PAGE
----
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European elections: French Socialist Party candidate vows to fight rise of far right

Raphael Glucksmann lead candidate of the French Socialist Party for the upcoming European election, arrives onstage during a meeting in Paris, Thursday, May 30, 2024.
Raphael Glucksmann lead candidate of the French Socialist Party for the upcoming European election, arrives onstage during a meeting in Paris, Thursday, May 30, 2024. Copyright Michel Euler/Copyright 2024 The AP. All rights reserved.
Copyright Michel Euler/Copyright 2024 The AP. All rights reserved.
By Sophia Khatsenkova
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During a major campaign meeting in Paris, MEP Raphaël Glucksmann rallied a surprising alliance of young voters and the older left-wing generation to push back against the rising far right in Europe.

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The legendary red room of the Zénith concert hall in Paris, which has welcomed the likes of AC/DC, Lady Gaga, and David Bowie, is starting to fill up slowly. 

Between 3,000 and 4,000 people gathered on Thursday evening to see the European elections candidate representing the French Socialist Party (PS-PP), 44-year-old essayist Raphaël Glucksmann. 

The young and old intermingled, waving European flags against the vivid backdrop of the French Socialist Party's pink and yellow colours. The slogans “Tax the Rich” and "Waking up Europe" appeared almost everywhere. 

At the foot of the stage, a star-studded crowd of elected officials is present, including Anne Hidalgo, the Socialist mayor of Paris, Nicolas Schmit, European Commissioner for Jobs and Social Rights, and the German Socialist MEP Mathias Ecke, who was violently attacked by far-right sympathisers early May while putting up campaign posters in Dresden.

For many, Glucksmann is their only “realistic hope against the rise of the far right” in France during the upcoming 9 June vote, said Hidalgo as she took to the stage to introduce the candidate. 

Grabbing votes from undecided and youth

Five years after obtaining 6% in the last European elections, the Socialist Party MEP is now neck-and-neck with French President Emmanuel Macron’s Renaissance, headed by Valérie Hayer. Hayer is currently ahead of Glucksmann by just 0.5% of voting intentions at 15%, according to the latest polls.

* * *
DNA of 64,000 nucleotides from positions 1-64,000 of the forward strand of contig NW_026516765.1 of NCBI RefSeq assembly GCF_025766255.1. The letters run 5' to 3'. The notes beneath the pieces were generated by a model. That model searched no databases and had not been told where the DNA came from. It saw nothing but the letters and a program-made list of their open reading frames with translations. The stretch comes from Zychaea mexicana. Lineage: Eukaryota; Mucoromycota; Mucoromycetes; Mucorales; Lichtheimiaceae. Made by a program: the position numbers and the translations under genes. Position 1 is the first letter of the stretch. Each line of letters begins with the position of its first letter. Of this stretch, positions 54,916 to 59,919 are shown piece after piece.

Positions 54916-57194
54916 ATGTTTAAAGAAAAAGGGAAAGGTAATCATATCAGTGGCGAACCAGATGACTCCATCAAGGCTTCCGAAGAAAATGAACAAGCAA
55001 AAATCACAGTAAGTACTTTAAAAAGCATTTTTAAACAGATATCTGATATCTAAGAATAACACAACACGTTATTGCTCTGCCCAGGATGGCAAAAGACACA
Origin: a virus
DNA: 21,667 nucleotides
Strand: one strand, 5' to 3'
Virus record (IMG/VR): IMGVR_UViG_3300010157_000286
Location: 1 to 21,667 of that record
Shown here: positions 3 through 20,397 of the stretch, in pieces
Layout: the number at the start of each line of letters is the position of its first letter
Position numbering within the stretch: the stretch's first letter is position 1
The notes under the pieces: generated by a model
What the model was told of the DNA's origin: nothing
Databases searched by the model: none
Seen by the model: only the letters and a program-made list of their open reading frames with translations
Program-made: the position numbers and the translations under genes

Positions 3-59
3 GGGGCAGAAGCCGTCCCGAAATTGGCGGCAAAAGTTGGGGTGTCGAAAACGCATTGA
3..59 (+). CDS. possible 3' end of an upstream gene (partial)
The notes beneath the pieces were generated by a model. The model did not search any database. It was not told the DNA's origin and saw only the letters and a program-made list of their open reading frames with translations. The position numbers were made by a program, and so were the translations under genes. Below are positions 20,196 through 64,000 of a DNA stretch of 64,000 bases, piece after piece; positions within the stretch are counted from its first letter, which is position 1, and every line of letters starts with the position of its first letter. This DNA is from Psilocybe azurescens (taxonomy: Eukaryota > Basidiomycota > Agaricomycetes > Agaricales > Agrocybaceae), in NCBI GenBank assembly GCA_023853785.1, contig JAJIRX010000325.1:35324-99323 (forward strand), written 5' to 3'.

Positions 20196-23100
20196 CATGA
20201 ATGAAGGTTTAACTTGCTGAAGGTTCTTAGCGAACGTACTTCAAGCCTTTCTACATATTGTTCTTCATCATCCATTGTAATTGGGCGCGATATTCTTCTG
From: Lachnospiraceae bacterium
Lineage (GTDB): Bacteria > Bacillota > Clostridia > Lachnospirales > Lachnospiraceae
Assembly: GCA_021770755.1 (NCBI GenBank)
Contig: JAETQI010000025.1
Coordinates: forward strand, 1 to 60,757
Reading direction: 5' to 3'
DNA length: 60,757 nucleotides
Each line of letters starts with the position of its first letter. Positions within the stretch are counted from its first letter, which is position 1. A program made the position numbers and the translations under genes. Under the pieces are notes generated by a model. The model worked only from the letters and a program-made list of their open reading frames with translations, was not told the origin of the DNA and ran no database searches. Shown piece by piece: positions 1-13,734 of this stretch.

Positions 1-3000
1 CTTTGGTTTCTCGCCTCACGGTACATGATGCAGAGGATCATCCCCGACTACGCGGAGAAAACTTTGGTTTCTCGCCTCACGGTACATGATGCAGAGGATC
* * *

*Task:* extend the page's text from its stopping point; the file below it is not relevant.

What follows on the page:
However, the two are still trailing the far-right candidate Jordan Bardella of the National Rally, who currently holds 34% of voting intentions.

Within the last ten days of the election, the goal is to nab votes from the younger voters, the undecided, and Macron’s centre-right party. 

After over an hour of introductory speeches, Glucksmann was welcomed like a rockstar, taking time for multiple selfies and handshakes with the public. 

On stage, the MEP repeated that “Europe is threatened and democracy is fragile”, denouncing Russian President Vladimir Putin's full-scale invasion of Ukraine and insisting on increased support to Kyiv. 

In the crowd, 19-year-old law student Olympe told Euronews she is convinced by the candidate.

Up until then, she was hesitating between voting for the Socialists and the Green party headed by Marie Toussaint. 

Although she disagrees with Glucksmann’s proposal to accelerate Ukraine’s accession to the bloc, she said she was charmed by his proposal to reform the Common Agricultural Policy (CAP) and tax the richest incomes in Europe. 

Glucksmann’s campaign is centred around a “sovereign and powerful Europe”, a common theme shared by multiple candidates this year on the left and right of the political spectrum.

The head of the Socialist Party also called for an “energy revolution” by introducing a larger share of nuclear power — a stark difference from his other left-wing competitors such as the far-left LFI party (La France Insoumise) and the Green party (EELV). 

Glucksmann also said his first move if he were re-elected would be to push for a “Most Favoured European Clause” to cover women's rights, which would extend national legislation beneficial to women to the rest of the bloc’s countries.

The feminist pledge was appreciated by old-school socialists such as Nicole and Danielle, both 86-year-old retired nurses, who told Euronews that they were scared of the rise of "antifeminist movements" in Europe. 

Glucksmann concluded his hour-long speech by claiming he is "the efficient vote, the vote of the heart, the vote that is going to wake Europe up," as the crowd gave him a standing ovation.

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Many of the older voters in the crowd who are nostalgic for the golden age of French socialism told Euronews that the candidate represents a breath of fresh air for the traditional left-wing party.

"I found Raphaël Glucksmann likeable, sincere, and dynamic. Finally, we have a charismatic left-wing politician," said Mathieu, a 49-year-old comic book artist.

"It's been a long time since the left has had a clear message,” Michel, 65, an employee of the culture ministry, told Euronews.

"He represents the new face of the social democratic left combined with realistic ambitions."

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